We’ve forced bacteria to do our bidding for centuries: think beer, wine, and cheese. Now researchers with MIT’s Tangible Media Group have other plans. In partnership with New Balance and the Royal College of Art, the team is programming bacteria to bring clothing to life—and they might just revolutionize gym apparel in the process.
The project, called BioLogic, centers around research of Bacillus subtilis natto, a common bacterium used to make fermented soybeans. The strain has a unique characteristic: in humid conditions, the cells grow up to 50 percent. They shrink again as soon as humidity levels drop. According to head researcher Lining Yao, this predictable behavior makes B. subtilis natto an excellent candidate for hacking. It helps that it’s also widely available, cheap, and safe to use.
“Unlike some of the man-made materials we work with, these bacteria are hypersensitive: They respond instantly and dramatically to changes in moisture,” says Yao.
To take advantage of how these bacteria expand and contract in the wild, Yao and her team transformed the cells into a slimy biofilm and printed it onto tiny pieces of spandex using a high-resolution micron printer developed for the project. Here’s where it gets crazy: the scientists control the biofilm (and therefore the underlying fabric) based on the patterns they print. For example, straight lines in the pattern make the spandex fold sharply, whereas many small lines drawn together cause the fabric to curve upward like a bow.
Once the researchers were happy with the speed and degree of the humidity response, the bacteria-infused spandex was built into New Balance garments according to a “sweat map” developed by phyiologists. The prototype outerwear line is called Second Skin and, while New Balance says it currently has no plans to sell the line to the public, the findings will inform the company's future apparel.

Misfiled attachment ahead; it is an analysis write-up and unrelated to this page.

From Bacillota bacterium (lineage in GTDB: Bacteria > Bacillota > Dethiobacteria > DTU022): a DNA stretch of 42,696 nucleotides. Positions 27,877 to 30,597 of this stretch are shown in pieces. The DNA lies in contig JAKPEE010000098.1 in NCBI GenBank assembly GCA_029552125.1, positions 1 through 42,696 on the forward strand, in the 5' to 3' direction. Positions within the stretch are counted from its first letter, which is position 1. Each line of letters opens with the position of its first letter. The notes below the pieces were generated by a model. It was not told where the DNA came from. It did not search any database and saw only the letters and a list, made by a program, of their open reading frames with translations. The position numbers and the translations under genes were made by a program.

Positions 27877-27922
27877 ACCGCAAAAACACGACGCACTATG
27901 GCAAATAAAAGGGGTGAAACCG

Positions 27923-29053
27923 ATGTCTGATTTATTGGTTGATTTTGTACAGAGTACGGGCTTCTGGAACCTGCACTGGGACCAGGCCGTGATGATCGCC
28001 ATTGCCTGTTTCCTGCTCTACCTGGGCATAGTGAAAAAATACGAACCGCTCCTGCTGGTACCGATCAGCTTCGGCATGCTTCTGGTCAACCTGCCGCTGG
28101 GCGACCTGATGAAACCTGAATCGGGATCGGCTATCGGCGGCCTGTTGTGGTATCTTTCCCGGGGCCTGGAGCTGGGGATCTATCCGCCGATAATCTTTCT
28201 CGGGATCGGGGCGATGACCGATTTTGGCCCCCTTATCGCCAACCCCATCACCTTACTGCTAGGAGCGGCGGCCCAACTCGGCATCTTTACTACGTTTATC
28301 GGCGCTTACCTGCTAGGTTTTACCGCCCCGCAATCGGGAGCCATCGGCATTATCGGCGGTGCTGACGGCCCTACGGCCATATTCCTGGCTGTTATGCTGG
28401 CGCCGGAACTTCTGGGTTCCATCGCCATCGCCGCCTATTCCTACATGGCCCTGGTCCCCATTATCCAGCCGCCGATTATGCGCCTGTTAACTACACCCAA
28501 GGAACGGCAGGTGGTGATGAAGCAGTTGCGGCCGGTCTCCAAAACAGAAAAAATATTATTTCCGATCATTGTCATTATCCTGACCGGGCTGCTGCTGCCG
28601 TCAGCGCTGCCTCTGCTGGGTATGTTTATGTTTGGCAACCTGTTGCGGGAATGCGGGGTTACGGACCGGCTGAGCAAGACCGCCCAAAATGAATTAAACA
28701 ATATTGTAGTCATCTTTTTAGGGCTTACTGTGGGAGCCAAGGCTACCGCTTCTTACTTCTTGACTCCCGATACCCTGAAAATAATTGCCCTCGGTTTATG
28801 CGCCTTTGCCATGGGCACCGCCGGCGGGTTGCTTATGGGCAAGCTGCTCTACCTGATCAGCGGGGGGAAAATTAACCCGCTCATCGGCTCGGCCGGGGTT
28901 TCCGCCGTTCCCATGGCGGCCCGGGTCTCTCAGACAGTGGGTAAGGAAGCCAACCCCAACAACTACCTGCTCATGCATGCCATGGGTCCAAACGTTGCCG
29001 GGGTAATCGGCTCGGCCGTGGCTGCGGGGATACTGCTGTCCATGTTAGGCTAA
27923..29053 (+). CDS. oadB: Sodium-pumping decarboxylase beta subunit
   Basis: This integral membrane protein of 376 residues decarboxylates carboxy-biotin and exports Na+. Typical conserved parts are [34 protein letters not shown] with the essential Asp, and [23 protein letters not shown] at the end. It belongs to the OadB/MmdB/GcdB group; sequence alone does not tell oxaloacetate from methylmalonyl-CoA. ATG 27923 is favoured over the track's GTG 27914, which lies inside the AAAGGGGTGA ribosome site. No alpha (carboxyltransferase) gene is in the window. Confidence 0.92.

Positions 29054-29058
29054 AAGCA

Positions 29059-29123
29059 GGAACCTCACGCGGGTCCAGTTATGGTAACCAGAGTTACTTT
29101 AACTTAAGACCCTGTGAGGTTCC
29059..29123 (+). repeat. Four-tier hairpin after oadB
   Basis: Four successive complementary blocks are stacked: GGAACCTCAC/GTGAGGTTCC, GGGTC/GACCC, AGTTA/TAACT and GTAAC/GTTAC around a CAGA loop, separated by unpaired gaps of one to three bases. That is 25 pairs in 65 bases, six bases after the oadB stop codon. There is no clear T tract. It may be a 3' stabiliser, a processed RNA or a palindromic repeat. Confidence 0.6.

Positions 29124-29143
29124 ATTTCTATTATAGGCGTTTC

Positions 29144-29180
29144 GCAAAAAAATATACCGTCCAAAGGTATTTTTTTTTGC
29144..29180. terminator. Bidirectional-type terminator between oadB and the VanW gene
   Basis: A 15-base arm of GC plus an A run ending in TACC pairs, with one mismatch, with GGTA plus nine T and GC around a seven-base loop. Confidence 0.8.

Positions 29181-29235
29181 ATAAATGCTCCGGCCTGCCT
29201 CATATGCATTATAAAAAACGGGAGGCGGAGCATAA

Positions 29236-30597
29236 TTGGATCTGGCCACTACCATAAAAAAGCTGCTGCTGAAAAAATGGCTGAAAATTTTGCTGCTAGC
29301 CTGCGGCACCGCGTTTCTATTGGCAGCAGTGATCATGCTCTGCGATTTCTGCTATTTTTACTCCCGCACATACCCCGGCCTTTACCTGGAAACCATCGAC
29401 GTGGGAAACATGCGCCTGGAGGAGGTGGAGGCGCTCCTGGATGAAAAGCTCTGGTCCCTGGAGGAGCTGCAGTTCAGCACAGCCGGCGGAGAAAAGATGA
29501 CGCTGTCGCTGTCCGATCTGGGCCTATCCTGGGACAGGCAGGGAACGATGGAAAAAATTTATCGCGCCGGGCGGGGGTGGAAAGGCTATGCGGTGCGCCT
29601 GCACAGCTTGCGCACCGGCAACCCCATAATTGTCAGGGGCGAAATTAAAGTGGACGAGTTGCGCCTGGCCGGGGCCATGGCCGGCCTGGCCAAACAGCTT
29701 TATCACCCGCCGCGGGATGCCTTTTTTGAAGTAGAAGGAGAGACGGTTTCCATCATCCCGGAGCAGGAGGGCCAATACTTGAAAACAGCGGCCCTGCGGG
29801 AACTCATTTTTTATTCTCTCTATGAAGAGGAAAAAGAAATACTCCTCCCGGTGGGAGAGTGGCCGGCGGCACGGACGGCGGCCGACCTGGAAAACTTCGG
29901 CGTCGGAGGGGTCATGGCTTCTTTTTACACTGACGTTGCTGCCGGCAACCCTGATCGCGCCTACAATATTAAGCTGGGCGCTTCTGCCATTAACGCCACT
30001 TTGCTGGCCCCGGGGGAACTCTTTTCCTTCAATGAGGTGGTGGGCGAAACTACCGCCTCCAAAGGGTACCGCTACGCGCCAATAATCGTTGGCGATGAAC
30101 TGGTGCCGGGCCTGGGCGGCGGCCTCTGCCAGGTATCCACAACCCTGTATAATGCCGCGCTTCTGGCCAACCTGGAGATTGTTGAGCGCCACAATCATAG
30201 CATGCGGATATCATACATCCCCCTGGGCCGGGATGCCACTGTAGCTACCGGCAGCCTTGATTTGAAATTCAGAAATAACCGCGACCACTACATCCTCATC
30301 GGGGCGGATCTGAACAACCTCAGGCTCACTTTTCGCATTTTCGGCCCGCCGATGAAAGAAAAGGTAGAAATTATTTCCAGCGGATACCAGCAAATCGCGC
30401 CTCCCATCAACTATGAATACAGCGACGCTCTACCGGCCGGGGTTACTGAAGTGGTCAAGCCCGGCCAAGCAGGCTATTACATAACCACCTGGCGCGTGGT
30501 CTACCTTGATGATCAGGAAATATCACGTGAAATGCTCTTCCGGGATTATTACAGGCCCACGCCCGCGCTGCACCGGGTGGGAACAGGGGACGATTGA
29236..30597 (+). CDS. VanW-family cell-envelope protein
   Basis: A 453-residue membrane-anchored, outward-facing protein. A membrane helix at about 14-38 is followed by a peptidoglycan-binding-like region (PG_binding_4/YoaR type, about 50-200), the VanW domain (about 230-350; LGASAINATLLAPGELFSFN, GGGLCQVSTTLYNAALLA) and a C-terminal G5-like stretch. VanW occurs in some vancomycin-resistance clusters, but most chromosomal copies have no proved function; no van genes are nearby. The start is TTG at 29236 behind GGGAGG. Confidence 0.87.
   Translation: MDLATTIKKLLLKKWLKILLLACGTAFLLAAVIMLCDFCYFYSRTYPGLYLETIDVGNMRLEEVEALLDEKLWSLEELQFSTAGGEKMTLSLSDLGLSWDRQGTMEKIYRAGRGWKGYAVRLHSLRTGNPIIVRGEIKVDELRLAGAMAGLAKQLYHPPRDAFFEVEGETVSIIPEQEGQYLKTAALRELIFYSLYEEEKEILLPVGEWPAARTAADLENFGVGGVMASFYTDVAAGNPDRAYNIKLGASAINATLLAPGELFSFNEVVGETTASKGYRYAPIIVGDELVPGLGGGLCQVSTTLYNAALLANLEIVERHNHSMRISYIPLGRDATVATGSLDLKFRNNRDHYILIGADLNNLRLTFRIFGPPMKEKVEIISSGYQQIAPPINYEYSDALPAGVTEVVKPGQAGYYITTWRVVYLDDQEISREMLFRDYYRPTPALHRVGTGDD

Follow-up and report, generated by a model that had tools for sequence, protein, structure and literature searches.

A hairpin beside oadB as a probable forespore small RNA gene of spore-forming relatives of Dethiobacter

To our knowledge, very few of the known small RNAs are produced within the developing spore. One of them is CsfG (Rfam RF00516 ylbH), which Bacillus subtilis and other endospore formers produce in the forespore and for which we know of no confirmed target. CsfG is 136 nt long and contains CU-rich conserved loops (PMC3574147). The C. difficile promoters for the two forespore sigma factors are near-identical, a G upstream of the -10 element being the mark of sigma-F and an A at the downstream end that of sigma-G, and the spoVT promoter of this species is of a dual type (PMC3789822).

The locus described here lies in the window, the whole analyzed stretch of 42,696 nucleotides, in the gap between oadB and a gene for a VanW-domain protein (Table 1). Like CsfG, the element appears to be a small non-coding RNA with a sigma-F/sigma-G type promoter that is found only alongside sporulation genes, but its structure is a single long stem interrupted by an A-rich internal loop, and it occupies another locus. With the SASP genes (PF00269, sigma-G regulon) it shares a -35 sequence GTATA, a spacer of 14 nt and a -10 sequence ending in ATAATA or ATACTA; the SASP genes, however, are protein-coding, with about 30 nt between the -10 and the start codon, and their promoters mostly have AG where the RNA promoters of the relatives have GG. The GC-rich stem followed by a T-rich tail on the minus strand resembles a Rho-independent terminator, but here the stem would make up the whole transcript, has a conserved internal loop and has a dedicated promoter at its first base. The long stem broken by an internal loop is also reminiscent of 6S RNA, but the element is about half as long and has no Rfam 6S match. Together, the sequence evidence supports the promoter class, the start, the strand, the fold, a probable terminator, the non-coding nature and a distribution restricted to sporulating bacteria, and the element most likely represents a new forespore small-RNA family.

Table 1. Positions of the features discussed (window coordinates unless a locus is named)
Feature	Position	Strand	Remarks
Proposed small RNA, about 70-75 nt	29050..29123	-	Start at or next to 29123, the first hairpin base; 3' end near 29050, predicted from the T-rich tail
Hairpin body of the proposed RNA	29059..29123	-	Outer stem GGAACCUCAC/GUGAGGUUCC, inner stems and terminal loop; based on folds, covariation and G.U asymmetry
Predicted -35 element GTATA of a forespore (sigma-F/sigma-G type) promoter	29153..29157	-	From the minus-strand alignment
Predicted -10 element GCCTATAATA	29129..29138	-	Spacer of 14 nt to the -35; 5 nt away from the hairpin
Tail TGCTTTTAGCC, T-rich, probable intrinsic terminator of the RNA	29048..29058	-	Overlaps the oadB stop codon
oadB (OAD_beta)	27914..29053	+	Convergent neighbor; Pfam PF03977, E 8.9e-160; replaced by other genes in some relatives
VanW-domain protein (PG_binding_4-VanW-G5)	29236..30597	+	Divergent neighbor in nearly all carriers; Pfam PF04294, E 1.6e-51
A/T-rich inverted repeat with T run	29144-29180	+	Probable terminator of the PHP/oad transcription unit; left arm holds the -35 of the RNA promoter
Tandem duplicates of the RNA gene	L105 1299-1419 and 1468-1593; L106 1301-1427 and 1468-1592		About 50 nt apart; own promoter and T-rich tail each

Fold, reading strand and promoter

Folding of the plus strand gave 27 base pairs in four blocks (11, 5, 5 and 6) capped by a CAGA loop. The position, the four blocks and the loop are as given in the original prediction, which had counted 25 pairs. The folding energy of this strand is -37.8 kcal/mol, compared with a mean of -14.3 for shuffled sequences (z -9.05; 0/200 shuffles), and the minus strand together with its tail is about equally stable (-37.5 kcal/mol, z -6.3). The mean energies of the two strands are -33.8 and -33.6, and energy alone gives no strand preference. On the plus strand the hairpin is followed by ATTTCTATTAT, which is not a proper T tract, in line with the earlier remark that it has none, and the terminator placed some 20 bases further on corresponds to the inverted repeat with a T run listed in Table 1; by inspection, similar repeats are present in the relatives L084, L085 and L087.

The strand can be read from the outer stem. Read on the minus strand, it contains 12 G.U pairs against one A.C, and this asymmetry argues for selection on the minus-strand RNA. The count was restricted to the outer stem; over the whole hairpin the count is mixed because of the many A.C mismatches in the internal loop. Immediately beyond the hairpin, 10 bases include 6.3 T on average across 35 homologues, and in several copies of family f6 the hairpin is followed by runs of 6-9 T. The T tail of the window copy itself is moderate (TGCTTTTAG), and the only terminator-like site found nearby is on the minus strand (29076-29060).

The Second Skin line is designed to perfect a wearer’s temperature regulation—something companies from Eddie Bauer, with its FreeVent Pro venting technology, to Gore-Tex, with its Active fabrics, have been trying to do for years. In the “Making of BioLogic” video, tiny triangular flaps in the garments peel back and vent the dancers as they begin to perspire. As the dancers cool off, the vents fold back into place.
“This material could be an elegant and modern solution to the age-old problem of climate control for runners,” says Katherine Petrecca, general manager of Studio Innovation at New Balance. “It’s easy to envision a future state in which a BioLogic-enabled garment could allow a runner to go out for an hour in cold weather and remain at an optimal temperature and humidity level throughout their entire run.”
According to Yao, self-venting outerwear is just the beginning of the technology’s potential applications. The scientists made no genetic changes to the bacteria, but in the future, they could insert a few lines of code into B. subtilis natto and other strains of bacteria to make them perform more complex functions. In the same way Wi-Fi can be found in everything now from slow cookers to bathroom scales, there may come a day when most consumer products have a built-in biological “nano-activator.” For athletes, imagine a running hat with a brim that automatically unfurls and retracts based on how sunny it is or shoes that know when it gets dark and start to glow.
“I’m excited to make this technology more flexible and multifunctional,” says Lining. “As an interactive designer, I usually play with electric motors to make things move, but these are living motors we can actually grow.”